From postwar Parisian expatriate to New York intellectual to long-haired guru, Harold L. Humes embodied the enthusiasms and excesses of his time.
HOLLYWOOD — "Doc," which airs tonight as part of the PBS series "The Independent Lens," is a daughter's film about a difficult father. Immy Humes is the filmmaker; her subject is Harold L. Humes — nicknamed Doc after a genius in the "Buck Rogers" comic strip — whose claim to fame is that he co-founded the literary journal the Paris Review, although he didn't stick around long to run it.
He also wrote two well-received novels, "The Underground City" (1958) and "Men Die" (1959), and ran Norman Mailer's first campaign for mayor of New York. Interviewed here, the late Mailer calls Doc "one of the few people I have ever met who was ... more vain, more intellectually arrogant than I was," which, given the source, must be accounted great praise.
Early promise (and a growing family) gave way, however, to a wayward path defined by a fearsome intellect, short attention span and increasing mental illness exacerbated by too much LSD. From postwar Parisian expatriate to New York intellectual to long-haired guru, Doc embodied the enthusiasms and excesses of his time. Although Immy Humes is an experienced filmmaker — her 1991 short "A Little Vicious," about a pit bull, was nominated for an Oscar — "Doc" has a raggedy, patchwork, almost slapdash feel.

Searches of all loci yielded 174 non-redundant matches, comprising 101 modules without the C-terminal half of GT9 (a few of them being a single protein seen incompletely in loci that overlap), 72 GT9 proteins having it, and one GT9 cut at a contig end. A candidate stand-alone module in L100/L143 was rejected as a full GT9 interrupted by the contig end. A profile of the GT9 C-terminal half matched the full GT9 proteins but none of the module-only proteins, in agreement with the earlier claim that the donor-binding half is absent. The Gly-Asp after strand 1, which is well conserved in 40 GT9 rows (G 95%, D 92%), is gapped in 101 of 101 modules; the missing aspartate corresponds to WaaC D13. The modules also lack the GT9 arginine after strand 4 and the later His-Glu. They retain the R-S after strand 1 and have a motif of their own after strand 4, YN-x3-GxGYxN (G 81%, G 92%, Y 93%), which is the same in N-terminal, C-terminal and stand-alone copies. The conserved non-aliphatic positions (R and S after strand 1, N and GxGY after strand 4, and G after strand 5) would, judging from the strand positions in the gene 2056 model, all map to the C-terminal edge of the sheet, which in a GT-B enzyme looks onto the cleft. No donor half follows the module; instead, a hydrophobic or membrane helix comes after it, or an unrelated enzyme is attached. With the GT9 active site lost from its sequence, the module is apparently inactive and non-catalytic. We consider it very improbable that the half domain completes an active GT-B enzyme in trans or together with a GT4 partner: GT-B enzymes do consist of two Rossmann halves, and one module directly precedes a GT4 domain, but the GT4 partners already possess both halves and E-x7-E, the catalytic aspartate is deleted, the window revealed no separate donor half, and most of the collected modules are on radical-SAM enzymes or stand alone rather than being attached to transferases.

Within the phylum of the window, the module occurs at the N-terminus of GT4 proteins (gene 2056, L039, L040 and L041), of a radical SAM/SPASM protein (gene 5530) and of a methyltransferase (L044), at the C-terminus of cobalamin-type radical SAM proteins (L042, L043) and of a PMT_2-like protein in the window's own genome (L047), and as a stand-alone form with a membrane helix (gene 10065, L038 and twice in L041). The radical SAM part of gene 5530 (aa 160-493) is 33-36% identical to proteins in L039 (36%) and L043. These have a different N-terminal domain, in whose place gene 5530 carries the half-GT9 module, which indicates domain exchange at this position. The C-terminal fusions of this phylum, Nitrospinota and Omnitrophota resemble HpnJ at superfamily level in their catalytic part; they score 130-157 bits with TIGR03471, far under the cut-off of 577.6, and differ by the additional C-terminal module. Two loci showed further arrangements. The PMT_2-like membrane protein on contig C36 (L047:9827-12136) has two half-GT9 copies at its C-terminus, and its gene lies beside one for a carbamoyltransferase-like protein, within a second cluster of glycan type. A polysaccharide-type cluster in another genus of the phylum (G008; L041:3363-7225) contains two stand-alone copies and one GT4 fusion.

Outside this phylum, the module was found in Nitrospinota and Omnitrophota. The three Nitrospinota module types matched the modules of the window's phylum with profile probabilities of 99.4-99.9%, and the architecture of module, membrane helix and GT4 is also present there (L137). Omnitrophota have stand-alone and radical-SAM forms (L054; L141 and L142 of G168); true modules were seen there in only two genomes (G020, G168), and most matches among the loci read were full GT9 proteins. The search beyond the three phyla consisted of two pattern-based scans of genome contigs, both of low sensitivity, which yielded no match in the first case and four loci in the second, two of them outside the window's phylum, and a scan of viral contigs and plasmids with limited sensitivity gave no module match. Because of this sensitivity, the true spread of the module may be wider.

The film, in its mismatched bits and pieces, obviously has been a while in the making — Doc, who died in 1992 of prostate cancer, is interviewed, as are the no-longer-living Mailer, George Plimpton (who became skipper of the Paris Review), William Styron and Timothy Leary. Its main appeal will be to students of Cold War counterculture and literary movements, the precursors to "the crazy surrealist left" of Abbie Hoffman, in Mailer's phrase.
Although his inspirations ultimately failed to play out into anything like a living, Doc stayed busy. He hustled chess, played jazz piano, shot an underground film and designed a weatherproof, fireproof paper house for the Third World. (Factories were set up, but Doc ran his business into the ground before it got off the ground.) He had theories about massage and about marijuana. He feared microwaves, thought clouds could see us, saved his hair and nail clippings. He was institutionalized in England after being found talking to a bedpost he believed to be bugged by the queen.
Of course, in those days paranoia was regarded by many as just a sharper view of reality. (And it did turn out that the FBI had watched him for years.) Doc was not the only erudite, idealistic lunatic with a following. Haunting his daughters' colleges, he attracted self-styled "Docolytes." Novelist Paul Auster, who met Doc while a student at Columbia and who briefly took him in, calls him a "hipstery visionary neo-prophet." Doc had arrived on campus to distribute free money, imagining that by doing so he could "disenchant" the people from its control and bring down the government. "Most crazy people are kind of repulsive," Auster says. "He was like a magnet."
Ironically, it was his terminal cancer that got Doc on the medication that enabled him to have, at last, a comparatively normal relationship with his four daughters. "Anybody who wants to see this film for free can get their money back," he told Immy then. "That way they know you're making it for love and not for money."
That (in a good way) is clearly the case.